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How to fit an elephant (2011) (johndcook.com)
50 points by Kristine1975 10 days ago | hide | past | web | 23 comments | favorite





I can't help but feel like a complex number is two parameters (real&imag / mod&arg) - so really this is 8 parameters.

This is a good point. If we're posing Occam's Razor-like arguments against models for having "too many free parameters", then we should probably really be comparing something more precise, like the models' Kolmogorov complexities.

Otherwise, it's just too easy to hide a lot of complex machinery inside a "single parameter". In fact, from this perspective it's arguable that an arbitrary real number is actually a (countably) infinite set of parameters, since it takes that many bits to uniquely specify any real number.


Cantor showed that these sets have the same cardinality. You can represent a complex (in the form of two reals) by interleaving digits or using a space-filling curve for example.

> Cantor showed that these sets have the same cardinality. You can represent a complex (in the form of two reals) by interleaving digits or using a space-filling curve for example.

But this (set) isomorphism between R and C is not continuous. Indeed one can show that there exists no continuous epimorphism f: R^n -> R^m, where m > n, since for every such continuous map f the image f(R^n) has a measure of 0 with respect to the Borel measure in R^m.


> there exists no continuous epimorphism f: R^n -> R^m, where m > n

Really? Then what is a https://en.wikipedia.org/wiki/Space-filling_curve?


Right from that article you linked: "A non-self-intersecting continuous curve cannot fill the unit square because that will make the curve a homeomorphism from the unit interval onto the unit square (any continuous bijection from a compact space onto a Hausdorff space is a homeomorphism). But a unit square has no cut-point, and so cannot be homeomorphic to the unit interval, in which all points except the endpoints are cut-points."

Yeah, a non-self-intersecting map cannot, but OP didn't specify that, only "epimorphic" which certainly can.

Moreover OP's argument specifically proves too much, because space-filling curves (as described in the article) have a range with positive Borel measure.


Sure, but did we need continuity? Also, if you want to be awkward, you can get around this by using the discrete topology, I don't think we needed the metric structure of R^n.

> Sure, but did we need continuity? Also, if you want to be awkward, you can get around this by using the discrete topology

This is indeed possible - but this is clearly not the topology that "ordinary people" and physicists mean when talking about continuity of functions from R^n to R^m.


So, it's all actually just one parameter?

Pairing functions only work on countable sets. This is funny because Cantor is the same person who proved real numbers are uncountable, and that there is no pairing function between 1 real number and naturals, let alone 2.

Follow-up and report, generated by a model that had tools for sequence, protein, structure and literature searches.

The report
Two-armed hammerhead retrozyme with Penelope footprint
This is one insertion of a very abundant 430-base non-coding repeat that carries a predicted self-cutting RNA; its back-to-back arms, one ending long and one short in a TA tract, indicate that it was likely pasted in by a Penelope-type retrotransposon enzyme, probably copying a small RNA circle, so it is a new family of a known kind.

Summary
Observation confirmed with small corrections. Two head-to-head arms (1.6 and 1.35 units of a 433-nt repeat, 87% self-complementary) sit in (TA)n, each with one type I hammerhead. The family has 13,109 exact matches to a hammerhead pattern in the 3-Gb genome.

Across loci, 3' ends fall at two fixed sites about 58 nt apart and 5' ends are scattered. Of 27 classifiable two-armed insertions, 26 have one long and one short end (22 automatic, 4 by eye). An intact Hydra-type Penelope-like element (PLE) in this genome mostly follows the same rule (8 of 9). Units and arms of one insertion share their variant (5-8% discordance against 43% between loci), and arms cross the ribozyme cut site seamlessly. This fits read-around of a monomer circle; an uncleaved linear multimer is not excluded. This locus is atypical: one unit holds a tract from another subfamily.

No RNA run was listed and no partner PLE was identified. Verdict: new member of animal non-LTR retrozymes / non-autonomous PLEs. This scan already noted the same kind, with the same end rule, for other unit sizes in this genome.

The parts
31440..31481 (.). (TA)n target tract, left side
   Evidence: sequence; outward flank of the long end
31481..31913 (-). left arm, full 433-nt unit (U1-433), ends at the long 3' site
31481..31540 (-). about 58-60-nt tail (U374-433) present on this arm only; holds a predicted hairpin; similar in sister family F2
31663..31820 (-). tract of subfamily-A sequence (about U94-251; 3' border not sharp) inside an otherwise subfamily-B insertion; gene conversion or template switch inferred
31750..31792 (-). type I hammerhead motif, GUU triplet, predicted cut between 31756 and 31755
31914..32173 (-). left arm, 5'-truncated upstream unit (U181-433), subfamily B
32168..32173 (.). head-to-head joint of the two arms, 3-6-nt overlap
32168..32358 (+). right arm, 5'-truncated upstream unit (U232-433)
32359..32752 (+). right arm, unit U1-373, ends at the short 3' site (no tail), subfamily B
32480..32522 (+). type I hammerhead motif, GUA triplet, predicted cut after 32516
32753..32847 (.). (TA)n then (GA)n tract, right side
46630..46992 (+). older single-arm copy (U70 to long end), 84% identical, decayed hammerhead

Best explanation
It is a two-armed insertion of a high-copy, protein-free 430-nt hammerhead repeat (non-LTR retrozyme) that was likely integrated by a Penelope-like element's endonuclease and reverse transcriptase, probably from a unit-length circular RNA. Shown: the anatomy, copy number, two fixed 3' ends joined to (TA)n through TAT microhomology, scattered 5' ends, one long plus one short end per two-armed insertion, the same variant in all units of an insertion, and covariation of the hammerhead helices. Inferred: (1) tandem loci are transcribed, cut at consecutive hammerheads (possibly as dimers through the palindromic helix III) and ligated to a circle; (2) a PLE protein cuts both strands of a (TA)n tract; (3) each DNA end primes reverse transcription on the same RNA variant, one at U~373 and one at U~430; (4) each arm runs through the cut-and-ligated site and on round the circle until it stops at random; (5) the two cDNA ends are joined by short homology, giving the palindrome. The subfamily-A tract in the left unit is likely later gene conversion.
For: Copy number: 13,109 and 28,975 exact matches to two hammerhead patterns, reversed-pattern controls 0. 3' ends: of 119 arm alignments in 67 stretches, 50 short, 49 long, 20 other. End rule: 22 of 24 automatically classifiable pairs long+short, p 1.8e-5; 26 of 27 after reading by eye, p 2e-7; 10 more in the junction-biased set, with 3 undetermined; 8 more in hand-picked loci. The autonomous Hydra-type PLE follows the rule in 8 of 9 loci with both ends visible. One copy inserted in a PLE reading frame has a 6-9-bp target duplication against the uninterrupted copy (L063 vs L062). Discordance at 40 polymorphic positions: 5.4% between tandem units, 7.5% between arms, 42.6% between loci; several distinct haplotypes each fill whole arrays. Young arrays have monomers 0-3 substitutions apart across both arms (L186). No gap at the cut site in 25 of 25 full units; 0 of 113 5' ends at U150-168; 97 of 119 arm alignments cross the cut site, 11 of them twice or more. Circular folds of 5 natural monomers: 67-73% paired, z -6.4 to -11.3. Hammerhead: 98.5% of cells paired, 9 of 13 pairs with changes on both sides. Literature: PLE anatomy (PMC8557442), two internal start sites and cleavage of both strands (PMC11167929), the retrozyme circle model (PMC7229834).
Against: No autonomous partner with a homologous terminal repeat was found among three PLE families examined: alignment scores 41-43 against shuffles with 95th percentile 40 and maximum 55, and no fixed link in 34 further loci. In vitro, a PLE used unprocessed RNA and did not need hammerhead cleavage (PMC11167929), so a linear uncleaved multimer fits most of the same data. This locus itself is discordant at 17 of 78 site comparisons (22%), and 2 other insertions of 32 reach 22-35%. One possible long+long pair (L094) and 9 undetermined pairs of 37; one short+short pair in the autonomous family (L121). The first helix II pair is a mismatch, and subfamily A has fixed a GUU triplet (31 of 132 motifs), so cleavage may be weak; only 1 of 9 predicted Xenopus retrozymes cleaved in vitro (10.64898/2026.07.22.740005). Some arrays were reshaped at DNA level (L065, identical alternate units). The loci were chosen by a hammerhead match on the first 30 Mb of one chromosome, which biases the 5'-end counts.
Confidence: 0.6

https://en.m.wikipedia.org/wiki/Countable_set


I'm claiming a "pairing function" between single reals and pairs of reals. They have respective cardinalities 2^N0 and 2*2^N0=2^N0 where N0<2^N0 is the cardinality of the naturals.

You're right. I was wrong. I found an explanation of how to make interleaving method work. https://math.stackexchange.com/a/183383

He could have used an octonion, then it was 1 parameter.

The only thing missing here is a little anecdote about how Von Neumann, when challenged on this, did it in his head and started rattling off the parameters. For arbitrary animals.

Source please. Must learn more.

Von Neumann was renowned for his great prowess at mental maths. A famous (if also not entirely serious) story:

"When posed with a variant of this question involving a fly and two bicycles, John von Neumann is reputed to have immediately answered with the correct result. When subsequently asked if he had heard the short-cut solution, he answered no, that his immediate answer had been a result of explicitly summing the series (MacRae 1992, p. 10; Borwein and Bailey 2003, p. 42)."

From http://mathworld.wolfram.com/TwoTrainsPuzzle.html


The article you linked to provides a trivial solution:

"the trains take one hour to collide (their relative speed is 100 km/h and they are 100 km apart initially). Since the fly is traveling at 75 km/h and flies continuously until it is squashed (which it is to be supposed occurs a split second before the two oncoming trains squash one another), it must therefore travel 75 km in the hour's time."

So if von Neumann was solving it by explicitly summing the series, as the anecdote claims, then he was doing it wrong :)


Well, if you're familiar with sums, then the "shortcut" isn't all that much faster; it's mostly a function of how quickly you can grok the salient points:

The fly travels 3/2 times the speed of a train, so every bounce the fly travels 3/5 of the remaining track and leaves 1/2 * 2/5 = 1/5 track to travel, so we just compute the geometric sum

    3/5 * \sum 1/5^r = 3/5 * 1/(1 - 1/5)
                     = 3/5 * 1/(4/5)
                     = 3/5 * 5/4
                     = 3/4.
One nice thing about this sum is that it encodes a bit more insight about the fly's flight path than the shortcut method.

I assume you're trying to beat the original responder in brazen literalism - now we have a citation request for a throwaway joke, an explanation (with citation) and a literal interpretation of the joke in the citation.

How do you fit an elephant?

One parameter at a time.


Now can you add one more and make him wiggle his trunk?




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